Michael drove me to Miami today to drop off my visa application documents to the Brazilian Consulate. If any of you know me in the slightest, you’ll know that I had no idea the NBA Championship just happened and was won by the Miami Heat. But, I found out today when we tried to park in downtown Miami, which was blocked off for the parade, the parade that routed in front of the Brazilian Consulate. As I mentioned in a much earlier blog, Michael doesn’t do well with traffic, and I hate a wet blanket on an adventure, so it hasn’t been a good day. But, the application is done, and I can pick it up Monday.
Since Michael and I weren’t speaking or particularly enjoying each other’s presence on the ride back, I had a long time to think. We finally made it out of Miami and then took the long way home up through Boca Raton and Ft Lauderdale to pick up I-75 through the Everglades, which is nicknamed Alligator Alley. [Author’s note: if you want to see alligators, use the Tamiami Trail instead.] I finally got to be the passenger contemplating the endless expanse of the sawgrass prairies and infinite Seussian landscapes of curved, bushy palms that sprung randomly in small islands of trees.
For the first time, I thought about Brazil, really thought about it. About the fact that I am going and not just pretending to go. I thought about why I’m going: to study African-Brazilian dance and rhythms, to observe the candomble religious services and honor the orixas, or gods and goddesses and saints. While I was waiting for the young woman to stamp my application, I picked up a promotional brochure on Bahia and read it as we rode home, the Everglades rolling by under the last bands of clouds from our recent tropical storm.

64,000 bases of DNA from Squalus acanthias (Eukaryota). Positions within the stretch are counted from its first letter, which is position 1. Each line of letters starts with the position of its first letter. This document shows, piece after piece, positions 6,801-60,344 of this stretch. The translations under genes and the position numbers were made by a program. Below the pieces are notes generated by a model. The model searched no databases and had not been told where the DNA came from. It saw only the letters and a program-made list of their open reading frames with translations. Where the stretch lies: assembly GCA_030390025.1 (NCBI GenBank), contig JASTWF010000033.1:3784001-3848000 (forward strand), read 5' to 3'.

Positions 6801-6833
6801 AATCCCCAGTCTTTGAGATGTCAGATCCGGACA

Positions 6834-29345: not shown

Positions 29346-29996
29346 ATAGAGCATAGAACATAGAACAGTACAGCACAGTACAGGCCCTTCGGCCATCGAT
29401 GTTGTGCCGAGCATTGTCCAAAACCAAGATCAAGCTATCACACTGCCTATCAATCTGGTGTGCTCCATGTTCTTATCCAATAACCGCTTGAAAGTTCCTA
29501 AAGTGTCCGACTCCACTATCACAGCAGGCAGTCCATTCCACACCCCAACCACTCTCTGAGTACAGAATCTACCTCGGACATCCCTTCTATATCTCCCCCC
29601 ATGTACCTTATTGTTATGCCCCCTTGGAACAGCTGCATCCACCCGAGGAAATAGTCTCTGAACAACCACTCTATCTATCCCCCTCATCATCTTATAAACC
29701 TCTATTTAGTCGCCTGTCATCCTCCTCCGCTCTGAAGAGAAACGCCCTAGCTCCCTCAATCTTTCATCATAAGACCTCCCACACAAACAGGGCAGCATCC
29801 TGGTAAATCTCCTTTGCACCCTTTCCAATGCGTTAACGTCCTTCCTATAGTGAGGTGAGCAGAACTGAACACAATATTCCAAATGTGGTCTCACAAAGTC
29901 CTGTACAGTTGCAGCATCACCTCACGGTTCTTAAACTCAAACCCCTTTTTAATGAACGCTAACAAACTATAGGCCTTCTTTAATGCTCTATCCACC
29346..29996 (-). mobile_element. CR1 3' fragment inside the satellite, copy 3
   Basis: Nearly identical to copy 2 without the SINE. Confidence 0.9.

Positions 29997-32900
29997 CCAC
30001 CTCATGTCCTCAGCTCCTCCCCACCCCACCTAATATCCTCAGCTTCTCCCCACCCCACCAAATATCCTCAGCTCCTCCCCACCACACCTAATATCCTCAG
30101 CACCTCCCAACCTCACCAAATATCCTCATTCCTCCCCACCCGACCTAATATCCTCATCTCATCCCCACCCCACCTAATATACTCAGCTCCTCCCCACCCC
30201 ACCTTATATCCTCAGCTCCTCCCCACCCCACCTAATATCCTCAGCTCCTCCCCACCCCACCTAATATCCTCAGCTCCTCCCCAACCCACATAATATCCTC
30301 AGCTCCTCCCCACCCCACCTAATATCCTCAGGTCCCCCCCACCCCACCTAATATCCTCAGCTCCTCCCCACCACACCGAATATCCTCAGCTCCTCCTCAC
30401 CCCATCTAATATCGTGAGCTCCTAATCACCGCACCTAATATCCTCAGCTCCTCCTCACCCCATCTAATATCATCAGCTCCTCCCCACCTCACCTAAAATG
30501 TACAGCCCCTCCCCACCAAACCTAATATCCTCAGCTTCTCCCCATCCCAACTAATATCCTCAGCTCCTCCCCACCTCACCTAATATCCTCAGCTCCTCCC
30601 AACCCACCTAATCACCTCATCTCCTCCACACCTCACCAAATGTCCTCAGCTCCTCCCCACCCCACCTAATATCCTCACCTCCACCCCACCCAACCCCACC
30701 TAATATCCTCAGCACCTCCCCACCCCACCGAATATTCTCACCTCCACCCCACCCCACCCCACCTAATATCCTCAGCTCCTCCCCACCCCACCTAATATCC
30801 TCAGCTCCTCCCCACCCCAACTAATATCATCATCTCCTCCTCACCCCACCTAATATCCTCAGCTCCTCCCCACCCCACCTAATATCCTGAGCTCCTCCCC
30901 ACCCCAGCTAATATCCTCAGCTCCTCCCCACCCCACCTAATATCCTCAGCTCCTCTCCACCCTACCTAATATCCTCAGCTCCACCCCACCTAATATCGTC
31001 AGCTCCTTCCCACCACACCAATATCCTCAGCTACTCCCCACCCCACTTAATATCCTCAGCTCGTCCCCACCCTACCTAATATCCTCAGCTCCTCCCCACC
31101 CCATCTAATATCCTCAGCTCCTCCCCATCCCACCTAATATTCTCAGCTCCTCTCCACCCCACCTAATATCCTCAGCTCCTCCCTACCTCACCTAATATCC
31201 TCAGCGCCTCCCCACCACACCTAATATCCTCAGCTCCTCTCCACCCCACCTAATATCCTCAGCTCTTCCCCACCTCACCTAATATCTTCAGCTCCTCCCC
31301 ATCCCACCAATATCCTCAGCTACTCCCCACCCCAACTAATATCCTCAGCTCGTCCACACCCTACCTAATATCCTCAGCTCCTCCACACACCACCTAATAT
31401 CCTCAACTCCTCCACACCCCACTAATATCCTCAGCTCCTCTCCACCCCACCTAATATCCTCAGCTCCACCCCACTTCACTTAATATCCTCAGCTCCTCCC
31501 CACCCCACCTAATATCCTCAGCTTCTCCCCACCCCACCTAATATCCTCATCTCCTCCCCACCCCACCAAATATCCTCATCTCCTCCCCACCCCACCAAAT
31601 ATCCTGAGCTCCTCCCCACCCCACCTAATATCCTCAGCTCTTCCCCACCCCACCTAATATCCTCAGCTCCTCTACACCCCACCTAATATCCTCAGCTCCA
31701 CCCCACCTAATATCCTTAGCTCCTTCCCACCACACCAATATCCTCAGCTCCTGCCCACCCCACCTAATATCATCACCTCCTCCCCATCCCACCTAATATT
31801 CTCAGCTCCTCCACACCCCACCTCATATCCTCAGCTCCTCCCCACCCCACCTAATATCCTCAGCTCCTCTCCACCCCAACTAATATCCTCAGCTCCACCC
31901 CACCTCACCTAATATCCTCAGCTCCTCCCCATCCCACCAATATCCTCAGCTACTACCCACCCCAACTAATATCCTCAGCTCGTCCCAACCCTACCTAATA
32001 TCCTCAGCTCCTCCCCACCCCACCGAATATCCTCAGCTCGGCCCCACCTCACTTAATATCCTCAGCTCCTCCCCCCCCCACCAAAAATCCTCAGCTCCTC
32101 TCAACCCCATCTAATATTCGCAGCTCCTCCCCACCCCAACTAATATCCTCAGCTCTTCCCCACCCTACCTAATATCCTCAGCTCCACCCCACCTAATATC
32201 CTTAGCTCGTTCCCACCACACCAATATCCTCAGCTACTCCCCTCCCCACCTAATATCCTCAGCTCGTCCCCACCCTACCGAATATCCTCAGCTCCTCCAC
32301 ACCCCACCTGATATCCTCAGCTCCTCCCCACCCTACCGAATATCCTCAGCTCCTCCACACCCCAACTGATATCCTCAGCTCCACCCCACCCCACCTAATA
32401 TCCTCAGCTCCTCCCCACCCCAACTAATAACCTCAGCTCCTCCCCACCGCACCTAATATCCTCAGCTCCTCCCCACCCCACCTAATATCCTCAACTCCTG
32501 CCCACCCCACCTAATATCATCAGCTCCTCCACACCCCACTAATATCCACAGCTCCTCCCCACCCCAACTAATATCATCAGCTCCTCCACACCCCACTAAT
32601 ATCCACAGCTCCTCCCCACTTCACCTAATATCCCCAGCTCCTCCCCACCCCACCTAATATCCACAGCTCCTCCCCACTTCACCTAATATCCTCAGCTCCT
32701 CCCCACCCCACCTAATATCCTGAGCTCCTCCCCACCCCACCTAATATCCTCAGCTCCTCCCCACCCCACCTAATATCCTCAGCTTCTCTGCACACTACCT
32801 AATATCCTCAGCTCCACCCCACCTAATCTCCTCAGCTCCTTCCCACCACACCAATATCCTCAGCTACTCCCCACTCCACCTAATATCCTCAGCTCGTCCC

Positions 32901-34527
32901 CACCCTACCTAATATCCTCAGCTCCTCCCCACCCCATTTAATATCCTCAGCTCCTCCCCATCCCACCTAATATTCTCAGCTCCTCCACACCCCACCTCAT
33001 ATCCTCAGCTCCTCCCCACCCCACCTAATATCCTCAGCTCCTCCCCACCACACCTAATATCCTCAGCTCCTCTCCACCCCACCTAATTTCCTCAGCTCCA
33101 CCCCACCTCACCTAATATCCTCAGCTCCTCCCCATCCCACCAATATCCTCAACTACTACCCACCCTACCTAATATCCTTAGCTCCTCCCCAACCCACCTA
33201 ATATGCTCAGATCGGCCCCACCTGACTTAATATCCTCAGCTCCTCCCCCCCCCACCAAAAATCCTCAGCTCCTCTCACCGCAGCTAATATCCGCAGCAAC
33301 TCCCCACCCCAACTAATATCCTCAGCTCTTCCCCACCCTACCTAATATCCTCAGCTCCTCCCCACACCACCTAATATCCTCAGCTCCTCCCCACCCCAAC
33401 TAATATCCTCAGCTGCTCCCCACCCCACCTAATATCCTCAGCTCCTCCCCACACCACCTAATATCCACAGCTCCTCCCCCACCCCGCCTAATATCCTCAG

As I’m reading, I’m realizing how little I know about where I’m going and what I’m getting ready to do. For instance, I had no idea Bahia was mostly African, that its capitol city, Salvador, is the most African city outside of Africa. I knew Bahia was a hub of African culture in Brazil, that capoeira was born there, that samba emerged from its streets. But I had no idea how African. 80% of its population is of African descent–from slaves brought over between the 16th and 19th centuries. 1.3 million people were brought to Bahia alone during this time period–which is twice as many African slaves brought to the United States of America. [Note: breeding of slaves ultimately resulted in over 4 million African slaves in the USA, and 12 million Africans were taken from their home countries though they were dispersed mostly in South America.]
Out of slavery in Bahia was born capoeira, samba; out of the massive slave uprising grew the baiana, the traditional woman-in-white, revered mother, the symbol of a pure spirit and liberty. Out of slavery in the South grew gospel music, the banjo–and, later, in our own Diaspora of freed people, jazz, hip hop, breakdancing, and slang erupted from the African-American soul. Somehow, and I have never been able to understand it myself, the rhythm of Africa moves me unlike anything I have ever known. Within African dance and drums, I find God. It’s that simple, and yet I can not fathom why I, some middle class peckerwood cracker from eastern North Carolina, connect.